Your Cast Iron Pan Wasn't Always So Rough

It may seem like the cast iron obsession so prevalent in foodieblog circles is a modern phenomenon, but it turns out that humans have actually been smelting iron since 800 BCE, during the Zhou Dynasty in China, as explained by Eater. Once you realize just how long the legacy of cast iron has loomed over us all, it makes sense that it might have undergone some major changes over the centuries. But one that might puzzle thrift store shoppers, flea market junkies, and Lodge fans alike is this: how come vintage cast iron pans are so smooth compared to the rough cast iron skillets and Dutch ovens made today?

The main reason is that the primary cast iron manufacturing method changed in the 1950s. As the economy began to recover from the Great Depression and WWII, cast iron manufacturers began to increase their production, and the automatic molding process was invented. Cast iron skillets are made by pouring or injecting molten iron into sand molds. Previously, the process was done by hand, and the pans were tumbled for up to 24 hours to polish that texture away, leaving a smooth surface. But once molten cast iron no longer had to be poured by hand, production speed increased, and the time-consuming polishing step was eliminated. In order to counteract the rough texture of modern cast iron, people began seasoning their pans, and Lodge started making pre-seasoned cast iron cookware. But does rough cast iron actually cook food differently than smooth, vintage cast iron?

The benefits of cooking with vintage cast iron

There are some people who swear by cooking with smooth-surfaced cast iron. Dennis Powell Jr., founder of Butter Pat Industries cast iron cookware, began making his own cast iron pans in order to bring back that vintage-style smooth surface. For one thing, it's more durable. "If your cast iron has a smooth surface, you can clean it with water, use steel wool on it, and scrape things off of it with a paint scraper without damaging the cooking surface," he shared with Food & Wine, because "the smoothness" of the pans helps food not stick to them, not the seasoning. Vintage cast iron also tends to be lighter and easier to handle than modern cast iron.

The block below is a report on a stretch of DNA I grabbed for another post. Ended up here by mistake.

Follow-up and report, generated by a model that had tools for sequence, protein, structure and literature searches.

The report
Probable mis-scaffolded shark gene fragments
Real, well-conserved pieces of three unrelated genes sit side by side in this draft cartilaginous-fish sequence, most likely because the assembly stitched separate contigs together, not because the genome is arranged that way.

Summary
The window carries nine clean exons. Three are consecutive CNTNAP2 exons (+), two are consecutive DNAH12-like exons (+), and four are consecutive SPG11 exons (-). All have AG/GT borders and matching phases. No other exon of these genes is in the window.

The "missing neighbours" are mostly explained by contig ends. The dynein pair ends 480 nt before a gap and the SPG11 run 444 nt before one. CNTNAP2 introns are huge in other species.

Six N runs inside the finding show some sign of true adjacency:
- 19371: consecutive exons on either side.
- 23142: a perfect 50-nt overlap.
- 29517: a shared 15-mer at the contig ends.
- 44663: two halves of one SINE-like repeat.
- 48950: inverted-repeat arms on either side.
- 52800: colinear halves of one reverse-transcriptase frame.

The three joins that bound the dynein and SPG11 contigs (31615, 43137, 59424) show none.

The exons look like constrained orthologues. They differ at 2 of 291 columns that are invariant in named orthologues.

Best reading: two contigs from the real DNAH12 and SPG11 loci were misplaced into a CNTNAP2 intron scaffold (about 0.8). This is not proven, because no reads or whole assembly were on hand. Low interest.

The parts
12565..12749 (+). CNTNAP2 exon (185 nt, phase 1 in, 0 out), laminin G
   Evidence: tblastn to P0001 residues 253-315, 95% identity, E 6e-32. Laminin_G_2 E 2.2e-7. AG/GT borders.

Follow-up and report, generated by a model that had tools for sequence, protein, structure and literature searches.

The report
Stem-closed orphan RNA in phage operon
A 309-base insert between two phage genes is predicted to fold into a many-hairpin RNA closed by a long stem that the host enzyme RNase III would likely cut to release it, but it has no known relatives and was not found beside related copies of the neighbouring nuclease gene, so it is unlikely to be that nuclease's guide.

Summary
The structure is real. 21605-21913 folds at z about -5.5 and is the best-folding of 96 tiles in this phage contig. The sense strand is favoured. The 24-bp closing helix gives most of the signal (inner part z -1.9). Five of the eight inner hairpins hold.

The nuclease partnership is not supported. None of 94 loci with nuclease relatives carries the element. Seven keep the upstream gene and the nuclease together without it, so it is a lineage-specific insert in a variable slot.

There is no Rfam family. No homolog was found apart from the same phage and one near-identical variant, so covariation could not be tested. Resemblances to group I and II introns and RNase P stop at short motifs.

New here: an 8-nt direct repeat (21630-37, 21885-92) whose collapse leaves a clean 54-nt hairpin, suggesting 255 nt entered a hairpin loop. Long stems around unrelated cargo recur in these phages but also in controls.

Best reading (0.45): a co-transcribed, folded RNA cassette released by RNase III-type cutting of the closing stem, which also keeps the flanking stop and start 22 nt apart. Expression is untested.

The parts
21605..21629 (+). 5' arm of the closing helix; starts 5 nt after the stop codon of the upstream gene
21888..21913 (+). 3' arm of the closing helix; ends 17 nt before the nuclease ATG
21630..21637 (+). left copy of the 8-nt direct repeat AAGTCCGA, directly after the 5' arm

Those who want to try cooking with vintage, smooth cast iron should keep a few things in mind. Restoring vintage cast iron can be a lengthy process, meaning you'll likely end up paying for it either in elbow grease, or cold hard cash if you're buying a restored piece, especially from a well-known maker like Griswold or Wagner. Then, there are some key indicators of quality to look for. Check vintage pans for any surface pitting or cracks, and try to make sure they're level and not warped, vintage cast iron expert Kyle Seip shared with Bon Appétit. He also recommends looking for pans that were made in areas with lots of iron mining, and thus access to quality iron ore, like Pennsylvania and Ohio.

Modern cast iron

In 1997, the New York Times bemoaned that "cast iron skillets have fallen out of favor." Little did they know that just a few decades later, popular TV stars would own dozens — The Pioneer Woman owns more than 25 cast iron skillets — or that in just 20 years, they'd be publishing notices about vintage cast iron sales featuring pieces that cost up to $250. But with cast iron's renaissance, the modern cast iron world has seen some changes, too — mainly, that some smaller cast iron brands are bringing back the smooth style that was once so popular. 

These days, the most common household name in American cast iron cookware is Lodge. Lodge's pans are made using the modern method, which produces that rougher surface texture. But there are some modern brands that are keeping the smooth polished, hand-cast tradition alive. However, you'll have to shell out the big bucks for many of these newer, smooth options — sometimes literally hundreds more. If you're on a budget, then opting for a modern, rough-textured cast iron skillet is probably the best bet, especially when you consider the fact that in many side-by-side tests and rankings, Lodge skillets outperform both vintage and modern smooth cast iron.

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